Ellery is going to seem very much like a cold fish at first. He needs to check his boxes, put his ducks in order, make sure his pencils are in a row.

But once all that’s done?

He’s actually less of a fish than a dog with a bone—a hot blooded dog who needs Jackson’s tomcat self to come to heel.

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PI Jackson Rivers grew up on the mean streets
of Del Paso Heights—and he doesn’t trust cops, even though he was one. When the
man he thinks of as his brother is accused of killing a police officer in an
obviously doctored crime, Jackson will move heaven and earth to keep Kaden and
his family safe. 
Defense attorney Ellery Cramer grew up with the
proverbial silver spoon in his mouth, but that hasn’t stopped him from crushing
on street-smart, swaggering Jackson Rivers for the past six years. But when
Jackson asks for his help defending Kaden Cameron, Ellery is out of his
depth—and not just with guarded, prickly Jackson. Kaden wasn’t just framed, he
was framed by crooked cops, and the conspiracy goes higher than Ellery dares
reach—and deep into Jackson’s troubled past.

Both men are soon enmeshed in the mystery of who
killed the cop in the minimart, and engaged in a race against time to clear
Kaden’s name. But when the mystery is solved and the bullets stop flying, they’ll
have to deal with their personal complications… and an attraction that’s
spiraled out of control.

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ELLERY CRAMER knew his tie was perfect, but he checked it anyway
as he got off the elevator on the fourth floor. Pfeist, Langdon, Harrelson
& Cooper was one of the best criminal defense firms in Sacramento, and it
didn’t get that way because its employees neglected details.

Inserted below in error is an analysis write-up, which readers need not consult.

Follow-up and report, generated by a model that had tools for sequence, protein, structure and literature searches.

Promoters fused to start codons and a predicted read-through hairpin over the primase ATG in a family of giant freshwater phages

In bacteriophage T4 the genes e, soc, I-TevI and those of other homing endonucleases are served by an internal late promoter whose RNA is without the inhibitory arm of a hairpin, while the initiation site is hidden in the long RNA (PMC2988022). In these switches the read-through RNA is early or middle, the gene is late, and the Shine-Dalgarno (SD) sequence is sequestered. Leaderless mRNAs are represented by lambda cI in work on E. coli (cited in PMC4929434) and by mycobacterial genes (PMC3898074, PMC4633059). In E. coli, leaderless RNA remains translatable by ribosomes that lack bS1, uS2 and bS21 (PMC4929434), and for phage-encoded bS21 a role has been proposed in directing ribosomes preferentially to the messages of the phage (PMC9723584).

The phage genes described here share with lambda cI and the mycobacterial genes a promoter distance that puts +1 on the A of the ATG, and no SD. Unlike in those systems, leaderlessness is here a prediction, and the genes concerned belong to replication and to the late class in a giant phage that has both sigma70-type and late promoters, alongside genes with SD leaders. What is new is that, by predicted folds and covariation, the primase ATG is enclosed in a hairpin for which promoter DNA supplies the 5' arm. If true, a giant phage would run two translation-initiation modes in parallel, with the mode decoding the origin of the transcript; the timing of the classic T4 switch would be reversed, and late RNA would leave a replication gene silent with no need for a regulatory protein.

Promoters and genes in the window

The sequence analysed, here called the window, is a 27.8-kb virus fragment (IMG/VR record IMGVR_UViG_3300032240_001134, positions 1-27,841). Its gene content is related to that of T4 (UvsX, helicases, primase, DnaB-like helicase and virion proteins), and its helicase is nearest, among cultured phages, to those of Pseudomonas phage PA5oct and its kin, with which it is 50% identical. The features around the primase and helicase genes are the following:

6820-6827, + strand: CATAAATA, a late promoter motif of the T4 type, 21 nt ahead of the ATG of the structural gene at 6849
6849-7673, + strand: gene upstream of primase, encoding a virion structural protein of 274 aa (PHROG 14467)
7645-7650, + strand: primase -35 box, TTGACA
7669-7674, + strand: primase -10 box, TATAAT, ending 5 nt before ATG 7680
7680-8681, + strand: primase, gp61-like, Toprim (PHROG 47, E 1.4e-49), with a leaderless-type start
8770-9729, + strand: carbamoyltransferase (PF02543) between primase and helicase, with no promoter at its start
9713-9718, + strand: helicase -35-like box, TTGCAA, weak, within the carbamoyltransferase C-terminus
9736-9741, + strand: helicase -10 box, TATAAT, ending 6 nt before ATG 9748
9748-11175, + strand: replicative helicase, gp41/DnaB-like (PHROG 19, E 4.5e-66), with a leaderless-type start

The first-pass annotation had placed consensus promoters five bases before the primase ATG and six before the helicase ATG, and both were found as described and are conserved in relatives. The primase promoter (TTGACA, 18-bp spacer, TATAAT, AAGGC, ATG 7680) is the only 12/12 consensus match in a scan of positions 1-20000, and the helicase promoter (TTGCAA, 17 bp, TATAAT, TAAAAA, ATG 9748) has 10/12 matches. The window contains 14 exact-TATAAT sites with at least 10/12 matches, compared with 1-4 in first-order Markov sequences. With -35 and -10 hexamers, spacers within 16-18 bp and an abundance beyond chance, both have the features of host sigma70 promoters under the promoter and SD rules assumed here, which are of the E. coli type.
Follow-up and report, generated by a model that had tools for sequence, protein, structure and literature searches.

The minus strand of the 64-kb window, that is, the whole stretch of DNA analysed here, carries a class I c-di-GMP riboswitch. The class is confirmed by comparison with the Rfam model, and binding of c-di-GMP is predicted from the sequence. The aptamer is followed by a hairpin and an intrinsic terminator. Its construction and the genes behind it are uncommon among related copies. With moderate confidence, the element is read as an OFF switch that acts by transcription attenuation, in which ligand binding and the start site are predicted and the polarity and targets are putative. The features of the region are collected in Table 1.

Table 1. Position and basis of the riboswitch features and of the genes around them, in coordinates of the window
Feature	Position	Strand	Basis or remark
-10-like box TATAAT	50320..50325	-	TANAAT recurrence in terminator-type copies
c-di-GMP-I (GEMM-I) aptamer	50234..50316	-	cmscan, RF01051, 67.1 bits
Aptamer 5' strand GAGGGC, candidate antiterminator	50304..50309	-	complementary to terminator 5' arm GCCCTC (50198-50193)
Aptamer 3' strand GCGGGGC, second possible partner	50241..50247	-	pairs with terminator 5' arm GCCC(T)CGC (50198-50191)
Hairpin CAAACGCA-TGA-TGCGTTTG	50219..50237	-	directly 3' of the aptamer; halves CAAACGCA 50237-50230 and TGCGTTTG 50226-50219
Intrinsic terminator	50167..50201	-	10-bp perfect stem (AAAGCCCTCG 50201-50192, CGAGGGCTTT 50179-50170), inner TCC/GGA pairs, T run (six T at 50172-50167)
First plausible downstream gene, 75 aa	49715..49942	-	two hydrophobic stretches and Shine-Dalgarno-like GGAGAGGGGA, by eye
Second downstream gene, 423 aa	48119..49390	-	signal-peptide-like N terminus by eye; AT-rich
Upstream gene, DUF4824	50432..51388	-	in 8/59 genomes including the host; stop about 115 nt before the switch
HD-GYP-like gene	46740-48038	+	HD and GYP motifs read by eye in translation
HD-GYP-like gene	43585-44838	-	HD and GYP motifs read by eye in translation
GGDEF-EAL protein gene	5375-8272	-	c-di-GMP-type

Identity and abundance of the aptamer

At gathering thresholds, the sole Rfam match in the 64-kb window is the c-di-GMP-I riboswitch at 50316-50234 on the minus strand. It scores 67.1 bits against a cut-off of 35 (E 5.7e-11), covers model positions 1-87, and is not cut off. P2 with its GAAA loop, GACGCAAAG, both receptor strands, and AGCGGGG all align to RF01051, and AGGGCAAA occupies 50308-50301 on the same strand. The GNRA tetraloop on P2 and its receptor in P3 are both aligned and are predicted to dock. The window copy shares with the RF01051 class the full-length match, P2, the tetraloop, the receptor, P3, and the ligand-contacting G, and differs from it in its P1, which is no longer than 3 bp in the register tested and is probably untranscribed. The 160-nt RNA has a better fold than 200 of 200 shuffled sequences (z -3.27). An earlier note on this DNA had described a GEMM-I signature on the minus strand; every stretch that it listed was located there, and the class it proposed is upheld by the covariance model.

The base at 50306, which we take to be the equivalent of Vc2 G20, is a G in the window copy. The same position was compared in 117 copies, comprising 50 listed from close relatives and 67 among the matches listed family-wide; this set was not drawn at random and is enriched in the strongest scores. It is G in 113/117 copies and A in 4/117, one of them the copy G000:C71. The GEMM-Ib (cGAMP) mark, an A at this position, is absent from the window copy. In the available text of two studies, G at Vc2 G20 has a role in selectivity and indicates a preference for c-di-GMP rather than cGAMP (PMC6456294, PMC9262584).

And Ellery wanted his name on that list of
partners so bad.
When he’d first gotten his degree, he’d dreamed
of opening his own practice, but no. His sister had run numbers on that—she was
an actuary—and had determined that his best chance for financial success lay
with hooking up as a junior associate and working his way up to partner.
Six years after signing on with Pfeist, Langdon,
Harrelson & Cooper, he was one of their most trusted trial lawyers, and he
was conscious of the honor.
He was also conscious of his suit.
Today he wore the silver pinstripe, which,
although it didn’t complement his dark hair and eyes at all, did make
him look severe and imposing, and he was all for that. He’d spent two hours
cross-examining a witness that day and had enjoyed making the guy—a police
officer, no less—crumble like a cookie.
Ellery did so enjoy his petty torments.
But as much as he enjoyed destroying police
officers on the stand, he wouldn’t ever mess with Leonard Pfeist’s secretary.
Nope—Ellery was very good at knowing who to toady, and the
secretary was the heart of the firm.
“Good afternoon, Jade,” he said pleasantly and
was greeted with a heavy-eyed scowl in return. Ellery gaped at her, uncertain
of how to respond. Granted, he and the firm’s legal secretary weren’t close.
Jade was a little too rough around the edges for Ellery to really warm up to.
He got that Leonard Pfeist, the most junior of the partners, did the hiring,
and he seemed to rely on Jade’s street-smart, tart-mouthed
presence, but Ellery had been brought up conservatively. Between Jade’s
unapologetically vibrant appearance and the female sexuality that rolled off
her like perfume, her whole presence made him very uneasy.
But he’d never seen her look like she could rip
someone’s head off with her bare hands, and that was the way she was looking at
him now.
“Took you long enough,” she snapped. “Did or did
your schedule not say you were supposed to be in the office an
hour ago?”
“I was in court!” Ellery objected. “It went—”
“I know when it went to. And I know you stopped
for coffee and probably to schmooze that judge you’re always trying to flirt
with. What you needed to do was to be here because
you’ve got someone here who needs your fucking help!”
Ellery stared at her, his mouth opening and
closing in surprise. Smart-mouthed, yes, but never insubordinate—never rude.
“Take it easy on him, J—he didn’t know.”
Oh great. Him.
Ellery stared at Jackson Rivers with a distaste